The acting is mainly cheesy, but the voice of Chucky by Brad Dourif. One of the most memorable lines of the film is “Chucky’s back.” It haunts you, especially as a kid. So, be forewarned, showing this film to your pre-teen kid is bound to keep them awake at nights for quite some time.
“Child’s Play” was previously released on the HD DVD format. This Blu-ray transfer is largely the same, however it is has received a boost in the video bitrate. The source print is in decent shape for its age. There is hardly a scratch on the print. Still, the transfer is only really as good as the source. Film grain is prominent throughout the film. There does not appear to by much digital noise reduction. Shadow delineation is also a problem. All the dark shots are full of grain and lack any revealing detail. There is some minor crushing in the blacks. Overall, though, black levels are good. Contrast is strong, but not very revealing. Details are better that I would have expected. Textures are largely swallowed by the grain. Colors are natural as are fleshtones. This is an accurate representation of the original source and it is leaps and bounds better than the original standard definition DVD presentation. This is about as good as it is going to get folks.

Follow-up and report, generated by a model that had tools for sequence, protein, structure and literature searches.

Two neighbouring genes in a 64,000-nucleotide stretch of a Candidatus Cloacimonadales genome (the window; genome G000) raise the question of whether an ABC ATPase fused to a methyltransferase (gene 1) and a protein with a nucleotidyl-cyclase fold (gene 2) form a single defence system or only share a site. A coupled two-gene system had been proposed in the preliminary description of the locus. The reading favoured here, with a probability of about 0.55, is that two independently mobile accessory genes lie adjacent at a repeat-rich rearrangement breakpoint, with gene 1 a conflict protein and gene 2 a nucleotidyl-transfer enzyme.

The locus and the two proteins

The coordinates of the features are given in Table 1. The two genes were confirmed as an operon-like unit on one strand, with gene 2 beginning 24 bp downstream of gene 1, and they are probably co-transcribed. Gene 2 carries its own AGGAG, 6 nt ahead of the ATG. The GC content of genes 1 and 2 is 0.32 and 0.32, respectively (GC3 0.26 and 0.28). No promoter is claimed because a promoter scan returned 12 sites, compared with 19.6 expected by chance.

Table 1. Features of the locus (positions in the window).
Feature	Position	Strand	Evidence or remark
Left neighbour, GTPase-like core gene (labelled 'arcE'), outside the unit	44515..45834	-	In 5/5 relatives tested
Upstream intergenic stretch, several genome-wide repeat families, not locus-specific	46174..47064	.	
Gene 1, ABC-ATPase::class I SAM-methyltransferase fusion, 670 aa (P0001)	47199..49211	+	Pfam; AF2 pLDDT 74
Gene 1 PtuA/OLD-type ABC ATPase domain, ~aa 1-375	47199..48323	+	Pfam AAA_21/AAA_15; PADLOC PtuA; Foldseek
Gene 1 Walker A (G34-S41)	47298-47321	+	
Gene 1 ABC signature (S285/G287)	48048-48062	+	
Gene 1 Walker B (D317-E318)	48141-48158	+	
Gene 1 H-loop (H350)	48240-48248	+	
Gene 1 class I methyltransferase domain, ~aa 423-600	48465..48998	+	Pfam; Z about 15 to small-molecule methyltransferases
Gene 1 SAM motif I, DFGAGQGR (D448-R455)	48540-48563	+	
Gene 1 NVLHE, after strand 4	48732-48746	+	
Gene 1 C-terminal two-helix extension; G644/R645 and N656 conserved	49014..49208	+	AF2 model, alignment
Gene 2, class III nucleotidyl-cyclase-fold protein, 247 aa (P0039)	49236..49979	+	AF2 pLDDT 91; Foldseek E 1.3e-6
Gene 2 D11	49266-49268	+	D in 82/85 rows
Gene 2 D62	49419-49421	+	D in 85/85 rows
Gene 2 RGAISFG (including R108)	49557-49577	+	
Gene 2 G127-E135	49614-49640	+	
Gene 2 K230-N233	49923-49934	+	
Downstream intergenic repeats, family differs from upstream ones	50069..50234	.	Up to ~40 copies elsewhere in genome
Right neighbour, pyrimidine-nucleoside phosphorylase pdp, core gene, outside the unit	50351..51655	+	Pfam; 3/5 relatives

The original audio for this film was mixed in stereo. MGM has presented us with a lossless DTS-HD 5.1 audio track. As this is a remix of the original audio stems, it can never be as good as the original intent of the sound designers. That being said, the 5.1 mix is actually quite pleasing and does beat the original Dolby stereo mix, especially in this day and age of surround mixes. The scurrying footsteps of Chucky can easily be heard racing across the rear channels. However, directionality and panning and is a bit stocky as the original mixed stems were used to create this 5.1 track. Dialogue is always clear. However, dialogue suffers from the cracky nature of 1980s production audio. The overall frequency response of the audio track is not the best, but accurate to the original source material. The dynamic range is better than would be expected. Being a remix, the LFE channel gets prominence in the track. The bass is a bit muddy due to the grouped audio feed that occupies the LFE channel. The original Dolby stereo mix is also present on the Blu-ray disc. Normally I recommend viewing the film with the original audio mix, but in this case the surround mix is actually very pleasing.